• James Hill, O: 202-609-8968,
  • Brian Miller, O: 617-357-8683, x115,

“Engaging New Voters” Report Shows Positive Impact of Nonprofits that Promote Voting and Nonpartisan Engagement

WASHINGTON, DC – Nonprofit leaders gathered at the National Press Club in Washington, DC on May 30 for the release of the “Engaging New Voters” report by Nonprofit VOTE. The new report shows that nonprofits who encourage the communities they serve to get registered and vote, through nonpartisan voter engagement efforts, play a critical role in narrowing voter turnout gaps and fostering a more representative electorate.

The communities typically served by nonprofits – young, low-income, those without college degrees – have historically voted at lower rates than their wealthier, whiter counterparts. These gaps in turnout distort the electorate, and by extension, the public policy debates that take place at the city, state, and national level. The nonprofit sector’s role in addressing those gaps is a central focus of the “Engaging New Voters” report.

“When it comes to voter turnout, too many Americans assume it’s the job of political parties and candidates to get people to the polls,” says Brian Miller, executive director at Nonprofit VOTE. “But the job of parties and candidates is to win elections, not to promote equity in voting. Because of that, they focus their limited resources on voters with a history of turning out on Election Day, not on marginalized voters left out of the process.”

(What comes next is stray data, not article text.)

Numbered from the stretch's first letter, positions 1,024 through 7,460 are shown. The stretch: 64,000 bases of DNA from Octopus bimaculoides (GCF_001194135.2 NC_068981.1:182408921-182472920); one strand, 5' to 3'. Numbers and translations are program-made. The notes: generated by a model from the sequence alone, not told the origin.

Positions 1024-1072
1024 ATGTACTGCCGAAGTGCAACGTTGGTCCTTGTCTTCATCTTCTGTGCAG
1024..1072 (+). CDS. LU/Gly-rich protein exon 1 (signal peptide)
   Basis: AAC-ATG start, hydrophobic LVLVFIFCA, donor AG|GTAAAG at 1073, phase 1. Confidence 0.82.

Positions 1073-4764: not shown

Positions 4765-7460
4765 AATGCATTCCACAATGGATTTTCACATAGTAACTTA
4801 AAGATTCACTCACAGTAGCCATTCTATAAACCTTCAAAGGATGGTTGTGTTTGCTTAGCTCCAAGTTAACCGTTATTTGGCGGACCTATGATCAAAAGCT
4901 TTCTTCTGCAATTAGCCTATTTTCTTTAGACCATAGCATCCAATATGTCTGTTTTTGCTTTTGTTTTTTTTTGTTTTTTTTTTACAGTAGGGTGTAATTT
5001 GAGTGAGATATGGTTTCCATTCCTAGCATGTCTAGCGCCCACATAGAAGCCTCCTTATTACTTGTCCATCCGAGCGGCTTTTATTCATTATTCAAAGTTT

“It’s up to nonprofits to promote equity in our democratic institutions by ensuring the communities we serve are participating,” adds Miller. “The crucial work of breaking these historic patterns and narrowing voter turnout gaps must be taken on by the nation’s myriad nonprofits who work, live, and breathe in the communities most often ignored.”

In the “Engaging New Voters” report, Nonprofit VOTE surveyed over 60 nonprofits doing nonpartisan voter engagement across six states as they interacted with 22,500+ voters. The report documents that voters contacted by nonprofits were TWICE as likely to be non-white, TWICE as likely to be under 25 years old and TWICE as likely to have less than $30,000 in household income – all populations routinely left out of our country’s political process.

These voters, once connected to the process via nonprofit contact, showed up to the polls at rates 11 percentage points higher than those who were NOT contacted. Those that have historically voted at lower rates showed the greatest turnout advantage from nonprofit contact. Asian, Latino and Black voters contacted by nonprofits turned out at rates 13-16 percentage points higher than those who weren’t, while those under 25 turned out at rates 20 percentage points higher than comparable voters.

“The report is a valuable resource for nonprofits looking to increase the civic participation of the communities they serve”  says Laura Walling of Goodwill Industries International, Inc. “It’s inspirational for Goodwill and several leading nonprofits representing underserved communities to be featured in this report.”

The full report, which also documents best practices for running an effective program, is available at

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Nonprofit VOTE partners with America’s 501(c)(3) nonprofits to help the people they serve participate and vote. It’s the leading provider of nonpartisan voter engagement resources to help nonprofits integrate voter outreach into their activities and services. Online at